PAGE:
It's not about hazing, but taking advantage of weak opponents. I'm already experiencing it just one week into my work with clients. I've been in a training group at a PD office for the past month and a half and got to know a few of the prosecutors by face, and as soon as I appeared on the record they went right for the jugular. Common tactics: interrupting me, talking over me, unnecessarily correcting me on the record, not making eye contact, not joking around with me like they do the more experienced PDs. I can't say I blame them really (they're making a fair judgment that it will be better for their case to take advantage of me), but it strikes me as risky on their part because they are liable to alienate me and my other entering classmates right out of the gate. Why do that over such simple, petty cases when you don't have to?

Yeah, the only reason I labeled it hazing is because I assume all of the seasoned attorneys who do these types of things have been at my stage at one point and had it done to them. Also as the other poster said "in order to flex," to show you that they've been in that courthouse 20+ years and you're the rookie. I see absolutely no strategic advantage for them doing some of the stuff they do, so I just assumed it was hazing. And yeah it is alienating, because now I just think they're douchebags and have no intention on creating a relationship with them. I'm really glad they get to feel like they're seniors in high school again.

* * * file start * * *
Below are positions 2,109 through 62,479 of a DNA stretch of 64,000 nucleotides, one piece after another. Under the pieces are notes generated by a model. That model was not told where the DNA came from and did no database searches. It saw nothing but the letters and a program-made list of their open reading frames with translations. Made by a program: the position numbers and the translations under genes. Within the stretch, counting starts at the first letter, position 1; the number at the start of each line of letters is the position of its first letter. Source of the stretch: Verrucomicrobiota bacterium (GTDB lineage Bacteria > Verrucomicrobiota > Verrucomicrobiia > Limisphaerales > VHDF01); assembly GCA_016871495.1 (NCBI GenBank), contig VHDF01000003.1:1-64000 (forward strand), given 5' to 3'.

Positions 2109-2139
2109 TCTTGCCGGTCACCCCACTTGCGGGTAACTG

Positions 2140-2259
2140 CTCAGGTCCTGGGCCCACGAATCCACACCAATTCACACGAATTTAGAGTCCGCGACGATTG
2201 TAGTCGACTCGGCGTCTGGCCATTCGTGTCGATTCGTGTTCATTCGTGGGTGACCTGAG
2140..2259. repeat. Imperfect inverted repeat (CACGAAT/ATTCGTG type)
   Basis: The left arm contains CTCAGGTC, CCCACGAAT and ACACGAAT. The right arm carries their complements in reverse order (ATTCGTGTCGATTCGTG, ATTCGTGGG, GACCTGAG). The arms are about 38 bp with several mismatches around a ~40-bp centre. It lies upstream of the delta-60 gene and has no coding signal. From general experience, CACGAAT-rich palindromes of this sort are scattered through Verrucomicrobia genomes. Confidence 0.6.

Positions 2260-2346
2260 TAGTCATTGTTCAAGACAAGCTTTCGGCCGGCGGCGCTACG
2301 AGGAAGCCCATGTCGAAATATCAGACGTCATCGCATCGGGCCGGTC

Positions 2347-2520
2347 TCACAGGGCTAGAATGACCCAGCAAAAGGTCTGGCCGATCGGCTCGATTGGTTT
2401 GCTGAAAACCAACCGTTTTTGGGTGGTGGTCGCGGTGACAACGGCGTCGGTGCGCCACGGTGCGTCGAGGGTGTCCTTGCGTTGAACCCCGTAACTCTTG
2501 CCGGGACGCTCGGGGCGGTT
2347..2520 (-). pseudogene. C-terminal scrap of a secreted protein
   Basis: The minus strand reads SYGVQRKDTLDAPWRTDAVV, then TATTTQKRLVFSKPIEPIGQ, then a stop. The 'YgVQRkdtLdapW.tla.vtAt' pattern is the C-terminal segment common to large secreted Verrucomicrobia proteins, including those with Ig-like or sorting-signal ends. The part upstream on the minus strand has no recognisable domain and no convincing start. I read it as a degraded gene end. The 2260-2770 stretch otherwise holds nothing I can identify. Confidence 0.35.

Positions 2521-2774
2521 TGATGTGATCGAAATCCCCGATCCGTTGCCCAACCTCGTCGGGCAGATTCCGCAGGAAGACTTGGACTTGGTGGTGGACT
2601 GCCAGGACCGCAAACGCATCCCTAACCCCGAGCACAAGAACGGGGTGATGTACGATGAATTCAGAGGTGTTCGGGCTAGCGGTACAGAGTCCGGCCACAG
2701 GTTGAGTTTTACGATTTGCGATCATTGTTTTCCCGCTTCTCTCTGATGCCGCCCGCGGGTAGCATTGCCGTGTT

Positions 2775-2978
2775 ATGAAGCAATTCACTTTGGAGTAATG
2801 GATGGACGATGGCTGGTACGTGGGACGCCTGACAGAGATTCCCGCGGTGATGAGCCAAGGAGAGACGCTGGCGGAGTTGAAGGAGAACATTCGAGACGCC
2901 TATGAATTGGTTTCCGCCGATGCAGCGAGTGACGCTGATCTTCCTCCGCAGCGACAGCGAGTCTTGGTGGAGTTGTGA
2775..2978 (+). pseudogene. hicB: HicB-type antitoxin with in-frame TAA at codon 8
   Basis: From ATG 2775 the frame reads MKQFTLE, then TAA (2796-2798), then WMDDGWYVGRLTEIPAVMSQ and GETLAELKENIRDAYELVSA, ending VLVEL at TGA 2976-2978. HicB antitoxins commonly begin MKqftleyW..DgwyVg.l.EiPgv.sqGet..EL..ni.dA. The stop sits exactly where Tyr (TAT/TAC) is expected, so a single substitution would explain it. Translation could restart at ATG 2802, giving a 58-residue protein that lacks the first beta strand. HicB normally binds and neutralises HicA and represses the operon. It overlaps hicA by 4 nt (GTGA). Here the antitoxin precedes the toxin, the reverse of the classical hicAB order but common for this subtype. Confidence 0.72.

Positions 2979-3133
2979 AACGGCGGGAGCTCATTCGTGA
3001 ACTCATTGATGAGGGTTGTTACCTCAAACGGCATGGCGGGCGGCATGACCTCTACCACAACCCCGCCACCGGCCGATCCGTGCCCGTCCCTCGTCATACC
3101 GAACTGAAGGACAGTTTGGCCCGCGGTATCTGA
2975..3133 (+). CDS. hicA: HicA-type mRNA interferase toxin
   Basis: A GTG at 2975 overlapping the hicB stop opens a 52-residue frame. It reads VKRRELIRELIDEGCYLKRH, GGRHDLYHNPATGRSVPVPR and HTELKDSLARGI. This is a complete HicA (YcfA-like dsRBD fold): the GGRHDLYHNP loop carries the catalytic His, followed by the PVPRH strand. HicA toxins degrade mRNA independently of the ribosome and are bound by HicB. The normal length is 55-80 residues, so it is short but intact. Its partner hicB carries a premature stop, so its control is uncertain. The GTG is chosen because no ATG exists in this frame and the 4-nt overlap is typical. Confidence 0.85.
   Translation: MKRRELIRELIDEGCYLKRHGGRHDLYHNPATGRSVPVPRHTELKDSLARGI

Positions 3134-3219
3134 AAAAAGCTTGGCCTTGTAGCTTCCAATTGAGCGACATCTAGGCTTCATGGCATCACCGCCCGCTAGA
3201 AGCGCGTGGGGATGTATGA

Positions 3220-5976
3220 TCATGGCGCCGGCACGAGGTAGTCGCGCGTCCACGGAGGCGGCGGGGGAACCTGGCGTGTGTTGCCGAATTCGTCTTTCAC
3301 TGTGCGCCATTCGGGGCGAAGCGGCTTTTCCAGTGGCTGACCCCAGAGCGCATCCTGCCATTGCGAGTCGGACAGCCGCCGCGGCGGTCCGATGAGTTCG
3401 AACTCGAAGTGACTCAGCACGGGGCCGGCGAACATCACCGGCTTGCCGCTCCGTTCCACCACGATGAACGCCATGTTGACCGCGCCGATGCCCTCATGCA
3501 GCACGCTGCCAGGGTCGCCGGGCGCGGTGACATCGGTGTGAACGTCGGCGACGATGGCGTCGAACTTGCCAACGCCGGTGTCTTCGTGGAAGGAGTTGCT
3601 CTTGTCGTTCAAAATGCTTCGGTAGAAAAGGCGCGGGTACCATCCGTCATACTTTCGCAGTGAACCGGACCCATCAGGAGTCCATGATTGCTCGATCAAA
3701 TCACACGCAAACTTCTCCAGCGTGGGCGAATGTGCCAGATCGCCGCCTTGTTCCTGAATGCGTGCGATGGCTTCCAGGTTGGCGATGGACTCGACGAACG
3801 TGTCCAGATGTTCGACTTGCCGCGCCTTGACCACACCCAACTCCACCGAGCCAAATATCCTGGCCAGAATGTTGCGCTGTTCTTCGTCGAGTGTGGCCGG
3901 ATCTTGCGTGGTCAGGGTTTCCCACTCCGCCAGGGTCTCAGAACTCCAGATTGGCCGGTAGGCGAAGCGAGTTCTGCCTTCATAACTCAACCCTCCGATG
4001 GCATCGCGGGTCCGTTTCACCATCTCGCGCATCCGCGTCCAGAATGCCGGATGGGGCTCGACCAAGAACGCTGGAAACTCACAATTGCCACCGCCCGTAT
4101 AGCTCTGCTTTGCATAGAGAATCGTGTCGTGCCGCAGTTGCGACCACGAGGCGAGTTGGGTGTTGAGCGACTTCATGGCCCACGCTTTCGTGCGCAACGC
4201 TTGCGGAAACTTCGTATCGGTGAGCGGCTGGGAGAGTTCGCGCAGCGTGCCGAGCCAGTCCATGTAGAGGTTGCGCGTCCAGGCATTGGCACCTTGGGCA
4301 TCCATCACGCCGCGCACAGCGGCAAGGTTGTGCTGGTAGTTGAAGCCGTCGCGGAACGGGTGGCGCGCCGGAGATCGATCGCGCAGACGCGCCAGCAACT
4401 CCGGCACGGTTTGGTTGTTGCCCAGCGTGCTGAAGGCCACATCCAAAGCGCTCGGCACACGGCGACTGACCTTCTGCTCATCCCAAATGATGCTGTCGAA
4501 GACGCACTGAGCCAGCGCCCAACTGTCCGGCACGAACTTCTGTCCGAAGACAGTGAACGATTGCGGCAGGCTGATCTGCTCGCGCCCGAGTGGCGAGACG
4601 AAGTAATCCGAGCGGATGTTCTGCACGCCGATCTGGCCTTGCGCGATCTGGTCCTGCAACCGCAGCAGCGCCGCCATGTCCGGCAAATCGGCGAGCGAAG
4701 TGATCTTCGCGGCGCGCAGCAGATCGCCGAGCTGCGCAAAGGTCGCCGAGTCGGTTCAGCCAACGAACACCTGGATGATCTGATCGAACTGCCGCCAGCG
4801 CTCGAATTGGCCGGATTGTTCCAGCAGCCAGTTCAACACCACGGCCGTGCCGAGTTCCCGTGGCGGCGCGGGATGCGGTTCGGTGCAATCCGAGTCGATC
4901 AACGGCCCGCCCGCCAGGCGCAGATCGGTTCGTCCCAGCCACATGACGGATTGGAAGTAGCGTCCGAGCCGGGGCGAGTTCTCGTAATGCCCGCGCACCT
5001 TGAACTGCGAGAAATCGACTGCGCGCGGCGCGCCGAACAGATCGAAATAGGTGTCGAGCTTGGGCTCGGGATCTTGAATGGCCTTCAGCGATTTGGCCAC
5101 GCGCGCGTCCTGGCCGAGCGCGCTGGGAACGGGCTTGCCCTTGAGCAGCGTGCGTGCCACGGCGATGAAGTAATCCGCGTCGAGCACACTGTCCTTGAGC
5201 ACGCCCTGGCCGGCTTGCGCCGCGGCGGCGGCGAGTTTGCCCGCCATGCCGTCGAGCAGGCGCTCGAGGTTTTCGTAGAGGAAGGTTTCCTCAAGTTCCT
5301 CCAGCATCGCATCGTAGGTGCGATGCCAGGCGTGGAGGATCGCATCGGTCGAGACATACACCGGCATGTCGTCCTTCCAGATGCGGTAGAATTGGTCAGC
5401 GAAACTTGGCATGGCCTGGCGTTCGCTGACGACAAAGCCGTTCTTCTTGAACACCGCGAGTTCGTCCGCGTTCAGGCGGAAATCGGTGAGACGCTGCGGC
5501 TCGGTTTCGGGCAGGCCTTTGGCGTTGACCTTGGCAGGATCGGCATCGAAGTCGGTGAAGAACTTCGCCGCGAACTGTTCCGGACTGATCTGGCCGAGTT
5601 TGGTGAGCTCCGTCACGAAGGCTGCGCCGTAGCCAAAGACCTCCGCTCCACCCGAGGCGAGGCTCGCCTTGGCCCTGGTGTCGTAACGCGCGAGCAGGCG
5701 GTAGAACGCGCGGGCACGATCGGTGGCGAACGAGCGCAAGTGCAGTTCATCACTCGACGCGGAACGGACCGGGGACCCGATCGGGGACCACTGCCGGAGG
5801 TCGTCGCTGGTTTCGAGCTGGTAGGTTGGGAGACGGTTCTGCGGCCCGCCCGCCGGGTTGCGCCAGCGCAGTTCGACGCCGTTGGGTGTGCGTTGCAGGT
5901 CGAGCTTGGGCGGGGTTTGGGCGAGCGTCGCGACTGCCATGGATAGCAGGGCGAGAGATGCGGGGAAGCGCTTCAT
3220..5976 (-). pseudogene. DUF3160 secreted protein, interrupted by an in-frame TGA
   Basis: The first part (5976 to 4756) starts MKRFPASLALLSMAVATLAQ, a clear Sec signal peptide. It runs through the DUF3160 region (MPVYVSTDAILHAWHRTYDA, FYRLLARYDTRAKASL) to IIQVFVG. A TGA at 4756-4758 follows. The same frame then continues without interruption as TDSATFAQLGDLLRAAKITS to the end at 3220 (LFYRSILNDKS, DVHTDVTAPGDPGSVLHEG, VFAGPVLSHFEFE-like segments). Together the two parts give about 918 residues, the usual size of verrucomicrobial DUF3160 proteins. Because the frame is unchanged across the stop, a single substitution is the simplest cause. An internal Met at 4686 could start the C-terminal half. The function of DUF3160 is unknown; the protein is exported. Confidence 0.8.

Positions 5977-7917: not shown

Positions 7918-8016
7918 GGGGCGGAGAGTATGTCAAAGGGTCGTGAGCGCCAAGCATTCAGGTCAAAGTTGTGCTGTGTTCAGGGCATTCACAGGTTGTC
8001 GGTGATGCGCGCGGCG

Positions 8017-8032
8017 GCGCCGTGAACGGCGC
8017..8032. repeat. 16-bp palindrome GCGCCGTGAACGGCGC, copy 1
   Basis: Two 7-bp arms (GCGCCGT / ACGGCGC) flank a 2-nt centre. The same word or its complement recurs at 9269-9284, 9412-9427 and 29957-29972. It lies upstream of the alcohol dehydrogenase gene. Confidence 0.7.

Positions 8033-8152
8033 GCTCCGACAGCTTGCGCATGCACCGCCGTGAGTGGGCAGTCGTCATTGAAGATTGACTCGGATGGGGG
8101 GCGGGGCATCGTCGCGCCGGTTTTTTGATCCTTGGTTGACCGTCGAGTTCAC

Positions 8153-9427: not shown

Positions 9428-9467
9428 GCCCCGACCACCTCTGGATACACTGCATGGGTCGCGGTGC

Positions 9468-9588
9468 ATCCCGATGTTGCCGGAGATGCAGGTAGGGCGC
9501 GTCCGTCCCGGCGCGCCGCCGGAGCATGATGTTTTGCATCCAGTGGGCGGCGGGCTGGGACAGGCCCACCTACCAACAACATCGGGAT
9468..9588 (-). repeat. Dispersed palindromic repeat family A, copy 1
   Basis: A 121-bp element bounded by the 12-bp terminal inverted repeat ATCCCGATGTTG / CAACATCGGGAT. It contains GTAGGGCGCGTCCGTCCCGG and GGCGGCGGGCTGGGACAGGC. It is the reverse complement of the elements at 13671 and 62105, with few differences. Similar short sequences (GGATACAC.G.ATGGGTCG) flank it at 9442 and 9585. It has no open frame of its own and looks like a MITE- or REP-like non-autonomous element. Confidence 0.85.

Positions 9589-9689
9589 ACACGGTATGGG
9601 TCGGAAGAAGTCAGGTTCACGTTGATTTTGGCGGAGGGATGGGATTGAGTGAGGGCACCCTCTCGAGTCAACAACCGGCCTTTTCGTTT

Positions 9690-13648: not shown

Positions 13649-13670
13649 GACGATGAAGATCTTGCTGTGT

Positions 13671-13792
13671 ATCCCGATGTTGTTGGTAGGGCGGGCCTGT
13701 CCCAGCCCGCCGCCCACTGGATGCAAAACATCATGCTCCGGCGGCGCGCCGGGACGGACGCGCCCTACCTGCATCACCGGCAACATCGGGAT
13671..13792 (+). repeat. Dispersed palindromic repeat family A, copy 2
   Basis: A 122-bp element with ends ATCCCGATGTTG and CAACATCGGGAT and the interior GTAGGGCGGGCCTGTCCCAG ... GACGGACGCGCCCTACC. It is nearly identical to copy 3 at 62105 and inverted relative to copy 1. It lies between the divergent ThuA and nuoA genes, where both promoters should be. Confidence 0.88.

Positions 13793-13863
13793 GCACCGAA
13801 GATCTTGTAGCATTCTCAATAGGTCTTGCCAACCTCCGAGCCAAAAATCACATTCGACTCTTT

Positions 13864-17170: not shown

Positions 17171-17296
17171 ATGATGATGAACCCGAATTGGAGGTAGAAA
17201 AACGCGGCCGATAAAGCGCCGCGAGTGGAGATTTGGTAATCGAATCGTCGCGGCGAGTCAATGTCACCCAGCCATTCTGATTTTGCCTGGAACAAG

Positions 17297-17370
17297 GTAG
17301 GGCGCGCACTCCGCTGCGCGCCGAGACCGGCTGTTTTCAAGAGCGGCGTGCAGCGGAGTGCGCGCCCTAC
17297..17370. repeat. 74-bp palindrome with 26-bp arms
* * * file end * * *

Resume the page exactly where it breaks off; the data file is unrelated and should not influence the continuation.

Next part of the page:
And ditto to prosecutor anon above about some judges cutting rooks slack. But it's just that sometimes you'll notice subtleties during hearings with their defense bar buds that they've known for 20 years. That's when you know they're messing with you just because they can. And contrary to what you said about judges not ruling against rookies just cause they're rookies, I remember during law school a PD argued the search was pretextual during a suppression hearing against me and WON. I was absolutely floored. Everything was in my favor, and it was a cannot lose motion. Even the PD was like :shock: Supervisor later tells me the judge was most likely pulling my chain and picking on me because I was a student. Everyone just kind of chuckled and had a bruhaha because it was a "useless" drug case. I couldn't believe stuff like that could actually happen. So maybe I just answered my own question.
Last edited by adonai on Wed Oct 08, 2014 12:19 am, edited 3 times in total.

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Re: How to be a Prosecution/PD Gunner?

Postby Anonymous User » Wed Oct 08, 2014 12:15 am

gdane wrote:This isn't an argument dude. Sure you'll find one ex cholo PD that might have visible tattoos, but it's still something that you don't want to go overboard with. keep them hidden as best as you can during the interviewing process.


I have a tattoo on my forearm, but it is easily concealable with a dress shirt / suit jacket. It's certainly been visible later on in summer jobs as we've all gotten more comfortable, but there hasn't been a single interviewer of mine who has ever seen it.

In other words, be smart about it, but once you're hired and comfortable, no one really gives a sh*t about it.

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Displeased
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Re: How to be a Prosecution/PD Gunner?

Postby Displeased » Wed Oct 08, 2014 8:05 am

Opposing counsel do sometimes push things because I'm new - for instance, they'll e-mail/call to say something like "I've NEVER seen [whatever thing I've just done] before!", and I go talk to my supervisor and find out, duh, what I just did is totally normal practice (which it would be, since it's not like I just go off and make up what to do on my own at this point).


This is particularly common in my experience, opposing counsel love to act like a newbie PD "just doesn't get it" whenever we do anything aside from enter guilty pleas.